As mentioned previously, the term inside refers to those networks that are owned by an organization and that must be
translated. Inside this domain, hosts will have address in the one address space, while on the outside, they will appear to have
addresses in a another address space when NAT is configured. The first address space is referred to as the local address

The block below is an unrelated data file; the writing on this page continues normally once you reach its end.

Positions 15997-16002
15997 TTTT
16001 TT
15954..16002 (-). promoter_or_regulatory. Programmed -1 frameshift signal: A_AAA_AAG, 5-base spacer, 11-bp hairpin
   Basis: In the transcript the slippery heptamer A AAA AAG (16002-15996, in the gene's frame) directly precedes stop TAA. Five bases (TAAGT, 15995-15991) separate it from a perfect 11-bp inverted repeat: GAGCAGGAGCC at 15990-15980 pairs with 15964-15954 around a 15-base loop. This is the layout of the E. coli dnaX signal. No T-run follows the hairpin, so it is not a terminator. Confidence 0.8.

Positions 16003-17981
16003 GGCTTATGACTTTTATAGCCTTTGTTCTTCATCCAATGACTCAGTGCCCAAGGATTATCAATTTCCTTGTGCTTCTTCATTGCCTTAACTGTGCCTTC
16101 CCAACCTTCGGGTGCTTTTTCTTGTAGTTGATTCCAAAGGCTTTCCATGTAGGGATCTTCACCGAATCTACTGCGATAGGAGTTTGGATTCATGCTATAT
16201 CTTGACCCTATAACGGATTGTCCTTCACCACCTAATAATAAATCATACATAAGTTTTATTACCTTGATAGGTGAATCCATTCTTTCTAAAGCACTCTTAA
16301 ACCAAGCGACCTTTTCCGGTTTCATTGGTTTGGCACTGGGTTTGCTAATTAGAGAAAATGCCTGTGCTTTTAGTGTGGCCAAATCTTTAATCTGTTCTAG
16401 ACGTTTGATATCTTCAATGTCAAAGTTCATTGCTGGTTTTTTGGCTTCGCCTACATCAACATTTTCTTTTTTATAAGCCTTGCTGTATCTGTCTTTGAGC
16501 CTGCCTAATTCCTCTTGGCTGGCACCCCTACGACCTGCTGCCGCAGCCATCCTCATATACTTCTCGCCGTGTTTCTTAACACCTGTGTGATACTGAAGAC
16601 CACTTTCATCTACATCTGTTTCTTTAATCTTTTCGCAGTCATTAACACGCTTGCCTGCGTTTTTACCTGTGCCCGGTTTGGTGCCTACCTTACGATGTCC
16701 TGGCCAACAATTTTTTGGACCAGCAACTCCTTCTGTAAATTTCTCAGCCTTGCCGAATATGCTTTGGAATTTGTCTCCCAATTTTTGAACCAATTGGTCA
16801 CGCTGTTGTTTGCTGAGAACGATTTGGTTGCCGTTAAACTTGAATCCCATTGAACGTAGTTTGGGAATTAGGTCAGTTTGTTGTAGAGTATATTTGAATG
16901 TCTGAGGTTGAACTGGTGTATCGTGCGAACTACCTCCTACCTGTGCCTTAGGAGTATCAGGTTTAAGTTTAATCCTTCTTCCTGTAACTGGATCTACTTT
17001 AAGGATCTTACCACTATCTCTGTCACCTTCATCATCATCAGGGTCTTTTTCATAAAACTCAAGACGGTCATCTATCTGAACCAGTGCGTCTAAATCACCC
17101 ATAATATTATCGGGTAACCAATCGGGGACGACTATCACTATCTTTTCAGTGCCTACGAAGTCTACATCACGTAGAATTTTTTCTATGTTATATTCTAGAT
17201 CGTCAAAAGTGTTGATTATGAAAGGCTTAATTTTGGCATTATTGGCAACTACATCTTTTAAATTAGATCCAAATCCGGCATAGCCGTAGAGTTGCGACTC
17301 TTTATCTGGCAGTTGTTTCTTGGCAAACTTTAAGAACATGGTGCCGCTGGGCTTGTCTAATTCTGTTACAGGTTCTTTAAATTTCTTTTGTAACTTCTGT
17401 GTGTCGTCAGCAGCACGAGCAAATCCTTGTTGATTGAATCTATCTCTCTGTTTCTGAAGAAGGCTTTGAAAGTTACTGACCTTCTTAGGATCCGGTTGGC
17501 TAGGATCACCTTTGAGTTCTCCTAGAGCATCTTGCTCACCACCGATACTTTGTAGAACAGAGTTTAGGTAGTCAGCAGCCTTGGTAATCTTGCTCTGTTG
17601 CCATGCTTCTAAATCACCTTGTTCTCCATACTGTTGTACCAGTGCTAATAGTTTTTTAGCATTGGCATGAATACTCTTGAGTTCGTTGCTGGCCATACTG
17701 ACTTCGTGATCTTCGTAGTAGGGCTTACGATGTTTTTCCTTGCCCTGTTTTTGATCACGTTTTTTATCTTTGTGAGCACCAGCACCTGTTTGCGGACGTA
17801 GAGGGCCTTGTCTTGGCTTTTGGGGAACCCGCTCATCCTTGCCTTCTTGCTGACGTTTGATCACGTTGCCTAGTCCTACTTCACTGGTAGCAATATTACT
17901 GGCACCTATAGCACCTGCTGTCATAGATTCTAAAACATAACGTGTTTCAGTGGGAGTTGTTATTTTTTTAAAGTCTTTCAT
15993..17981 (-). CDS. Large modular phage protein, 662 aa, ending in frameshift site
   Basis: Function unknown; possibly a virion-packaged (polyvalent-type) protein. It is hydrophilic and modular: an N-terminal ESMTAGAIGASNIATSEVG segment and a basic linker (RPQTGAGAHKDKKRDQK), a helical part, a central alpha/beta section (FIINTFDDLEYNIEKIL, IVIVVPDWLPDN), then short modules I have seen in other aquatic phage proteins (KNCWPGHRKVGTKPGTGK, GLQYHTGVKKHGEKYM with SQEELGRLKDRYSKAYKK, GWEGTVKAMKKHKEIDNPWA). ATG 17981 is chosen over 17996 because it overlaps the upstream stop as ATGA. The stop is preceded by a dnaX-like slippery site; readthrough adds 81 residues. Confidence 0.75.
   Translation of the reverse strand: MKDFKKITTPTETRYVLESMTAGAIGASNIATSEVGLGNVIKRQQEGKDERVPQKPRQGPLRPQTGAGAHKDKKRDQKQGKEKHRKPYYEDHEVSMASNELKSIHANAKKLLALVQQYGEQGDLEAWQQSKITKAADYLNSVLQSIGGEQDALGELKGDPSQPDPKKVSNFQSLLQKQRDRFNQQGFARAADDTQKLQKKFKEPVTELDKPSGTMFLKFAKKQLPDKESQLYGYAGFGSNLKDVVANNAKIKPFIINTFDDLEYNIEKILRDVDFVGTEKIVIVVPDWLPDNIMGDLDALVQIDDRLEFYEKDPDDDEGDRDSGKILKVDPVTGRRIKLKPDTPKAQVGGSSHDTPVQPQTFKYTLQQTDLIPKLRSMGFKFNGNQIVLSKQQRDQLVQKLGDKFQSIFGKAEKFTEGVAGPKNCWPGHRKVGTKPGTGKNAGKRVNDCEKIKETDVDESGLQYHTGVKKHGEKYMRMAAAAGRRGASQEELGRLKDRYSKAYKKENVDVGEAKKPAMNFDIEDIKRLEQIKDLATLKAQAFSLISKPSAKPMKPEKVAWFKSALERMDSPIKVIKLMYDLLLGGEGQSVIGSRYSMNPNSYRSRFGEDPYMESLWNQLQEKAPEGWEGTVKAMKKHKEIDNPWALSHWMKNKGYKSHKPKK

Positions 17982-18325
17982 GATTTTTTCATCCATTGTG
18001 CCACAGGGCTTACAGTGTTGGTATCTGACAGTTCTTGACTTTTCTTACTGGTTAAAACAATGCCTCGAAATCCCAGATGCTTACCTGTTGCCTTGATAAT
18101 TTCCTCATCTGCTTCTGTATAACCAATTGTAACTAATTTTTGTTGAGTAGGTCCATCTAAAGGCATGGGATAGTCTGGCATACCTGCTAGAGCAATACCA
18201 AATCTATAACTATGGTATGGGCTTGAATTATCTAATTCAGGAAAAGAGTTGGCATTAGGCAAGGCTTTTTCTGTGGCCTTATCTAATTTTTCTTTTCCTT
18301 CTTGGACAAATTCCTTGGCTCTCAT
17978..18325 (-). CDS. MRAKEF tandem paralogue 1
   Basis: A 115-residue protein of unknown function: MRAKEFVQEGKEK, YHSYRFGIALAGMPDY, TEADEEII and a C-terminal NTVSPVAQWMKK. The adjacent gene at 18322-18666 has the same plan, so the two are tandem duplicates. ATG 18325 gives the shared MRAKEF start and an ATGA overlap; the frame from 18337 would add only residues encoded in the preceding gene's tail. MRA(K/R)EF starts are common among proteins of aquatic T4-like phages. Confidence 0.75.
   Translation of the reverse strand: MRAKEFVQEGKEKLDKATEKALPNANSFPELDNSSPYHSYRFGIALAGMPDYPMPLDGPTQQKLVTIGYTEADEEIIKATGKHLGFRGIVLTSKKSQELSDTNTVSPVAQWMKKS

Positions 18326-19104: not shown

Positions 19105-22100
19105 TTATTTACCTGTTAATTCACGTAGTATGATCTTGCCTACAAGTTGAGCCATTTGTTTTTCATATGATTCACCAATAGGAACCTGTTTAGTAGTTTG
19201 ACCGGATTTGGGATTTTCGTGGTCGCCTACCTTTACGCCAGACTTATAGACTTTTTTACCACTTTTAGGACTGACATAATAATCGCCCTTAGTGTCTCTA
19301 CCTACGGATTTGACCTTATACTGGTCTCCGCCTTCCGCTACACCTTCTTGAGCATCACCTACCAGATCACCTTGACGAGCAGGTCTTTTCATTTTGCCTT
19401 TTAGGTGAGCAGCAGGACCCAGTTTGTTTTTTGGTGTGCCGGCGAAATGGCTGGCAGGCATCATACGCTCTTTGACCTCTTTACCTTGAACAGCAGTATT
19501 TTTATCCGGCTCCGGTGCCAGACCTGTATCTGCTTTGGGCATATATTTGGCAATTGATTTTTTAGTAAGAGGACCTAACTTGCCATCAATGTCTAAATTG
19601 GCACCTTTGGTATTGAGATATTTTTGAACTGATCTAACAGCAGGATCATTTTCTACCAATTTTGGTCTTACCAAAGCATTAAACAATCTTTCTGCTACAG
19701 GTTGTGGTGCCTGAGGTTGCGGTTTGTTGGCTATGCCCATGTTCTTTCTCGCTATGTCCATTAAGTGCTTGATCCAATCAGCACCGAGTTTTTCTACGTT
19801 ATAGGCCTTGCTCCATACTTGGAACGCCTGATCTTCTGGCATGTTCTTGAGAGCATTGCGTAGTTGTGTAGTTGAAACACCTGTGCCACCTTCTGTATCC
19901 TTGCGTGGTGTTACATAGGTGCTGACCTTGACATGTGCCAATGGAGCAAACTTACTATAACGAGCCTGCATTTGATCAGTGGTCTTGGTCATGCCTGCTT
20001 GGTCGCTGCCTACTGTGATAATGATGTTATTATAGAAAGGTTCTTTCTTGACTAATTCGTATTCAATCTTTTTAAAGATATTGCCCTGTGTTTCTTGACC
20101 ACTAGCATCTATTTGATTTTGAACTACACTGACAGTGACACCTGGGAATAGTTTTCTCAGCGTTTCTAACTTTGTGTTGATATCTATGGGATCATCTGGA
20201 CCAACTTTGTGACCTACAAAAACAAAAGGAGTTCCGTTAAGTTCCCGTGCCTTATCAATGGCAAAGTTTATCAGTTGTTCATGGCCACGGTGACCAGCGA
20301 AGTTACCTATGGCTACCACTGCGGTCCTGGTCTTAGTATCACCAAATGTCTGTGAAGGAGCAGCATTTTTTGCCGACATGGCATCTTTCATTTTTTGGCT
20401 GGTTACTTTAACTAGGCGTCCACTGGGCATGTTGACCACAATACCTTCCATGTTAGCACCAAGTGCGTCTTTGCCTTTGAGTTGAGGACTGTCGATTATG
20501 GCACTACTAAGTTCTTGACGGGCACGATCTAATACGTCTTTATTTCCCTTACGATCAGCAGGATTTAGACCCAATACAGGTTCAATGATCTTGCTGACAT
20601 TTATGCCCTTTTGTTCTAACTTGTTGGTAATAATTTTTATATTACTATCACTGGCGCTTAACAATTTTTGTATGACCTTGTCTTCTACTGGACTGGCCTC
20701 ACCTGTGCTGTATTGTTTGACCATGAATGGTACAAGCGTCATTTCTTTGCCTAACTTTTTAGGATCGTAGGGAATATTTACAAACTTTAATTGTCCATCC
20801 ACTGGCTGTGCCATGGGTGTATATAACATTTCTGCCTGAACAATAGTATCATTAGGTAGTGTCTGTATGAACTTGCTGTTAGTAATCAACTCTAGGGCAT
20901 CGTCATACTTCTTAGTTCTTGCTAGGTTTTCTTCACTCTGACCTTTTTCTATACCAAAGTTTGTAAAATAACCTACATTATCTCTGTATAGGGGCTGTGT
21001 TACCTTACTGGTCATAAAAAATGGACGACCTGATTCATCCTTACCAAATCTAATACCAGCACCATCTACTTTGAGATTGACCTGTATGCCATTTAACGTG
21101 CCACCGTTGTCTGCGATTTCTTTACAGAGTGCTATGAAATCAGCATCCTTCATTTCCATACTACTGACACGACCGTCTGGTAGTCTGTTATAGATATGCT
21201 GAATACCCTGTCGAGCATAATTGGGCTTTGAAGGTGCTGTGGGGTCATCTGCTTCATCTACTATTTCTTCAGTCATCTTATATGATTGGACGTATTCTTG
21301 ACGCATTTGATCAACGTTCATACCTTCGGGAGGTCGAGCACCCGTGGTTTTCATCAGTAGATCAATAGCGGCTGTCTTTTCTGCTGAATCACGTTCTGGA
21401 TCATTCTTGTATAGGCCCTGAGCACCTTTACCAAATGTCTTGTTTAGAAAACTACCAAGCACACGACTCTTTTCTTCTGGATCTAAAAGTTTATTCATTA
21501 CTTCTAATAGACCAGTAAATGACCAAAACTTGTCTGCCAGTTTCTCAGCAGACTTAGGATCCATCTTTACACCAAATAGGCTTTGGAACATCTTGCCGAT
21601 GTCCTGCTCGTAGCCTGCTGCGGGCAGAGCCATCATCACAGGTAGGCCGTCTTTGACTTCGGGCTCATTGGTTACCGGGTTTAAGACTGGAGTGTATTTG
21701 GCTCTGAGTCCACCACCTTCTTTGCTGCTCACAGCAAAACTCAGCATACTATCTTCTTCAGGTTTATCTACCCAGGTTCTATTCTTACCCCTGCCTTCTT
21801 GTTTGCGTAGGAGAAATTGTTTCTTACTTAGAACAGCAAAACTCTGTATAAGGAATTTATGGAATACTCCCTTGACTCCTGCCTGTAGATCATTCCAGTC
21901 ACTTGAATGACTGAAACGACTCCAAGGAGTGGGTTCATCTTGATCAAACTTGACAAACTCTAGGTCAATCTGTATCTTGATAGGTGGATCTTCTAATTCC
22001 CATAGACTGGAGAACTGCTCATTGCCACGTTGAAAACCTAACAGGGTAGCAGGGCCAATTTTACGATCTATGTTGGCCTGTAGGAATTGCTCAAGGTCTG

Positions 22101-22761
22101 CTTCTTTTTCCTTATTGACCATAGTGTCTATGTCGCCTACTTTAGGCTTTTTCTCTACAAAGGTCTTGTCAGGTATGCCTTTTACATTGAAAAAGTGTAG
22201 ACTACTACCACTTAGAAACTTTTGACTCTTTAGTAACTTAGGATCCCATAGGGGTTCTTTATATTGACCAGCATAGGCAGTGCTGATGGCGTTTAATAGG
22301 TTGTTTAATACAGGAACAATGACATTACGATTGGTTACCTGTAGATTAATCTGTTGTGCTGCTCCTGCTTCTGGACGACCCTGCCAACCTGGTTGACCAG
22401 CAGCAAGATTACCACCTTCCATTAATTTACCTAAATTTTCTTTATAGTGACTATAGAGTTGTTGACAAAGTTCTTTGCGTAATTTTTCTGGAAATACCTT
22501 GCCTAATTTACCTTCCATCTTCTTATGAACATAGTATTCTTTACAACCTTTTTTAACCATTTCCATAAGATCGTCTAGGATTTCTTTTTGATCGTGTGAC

space while the second is referred to as the global address space.
Similarly, outside refers to those networks to which the stub network connects, and which are generally not under the
organization's control. As will be described later, hosts in outside networks can be subject to translation also, and can, thus
, have local and global addresses.
To summarize, NAT uses the following definitions: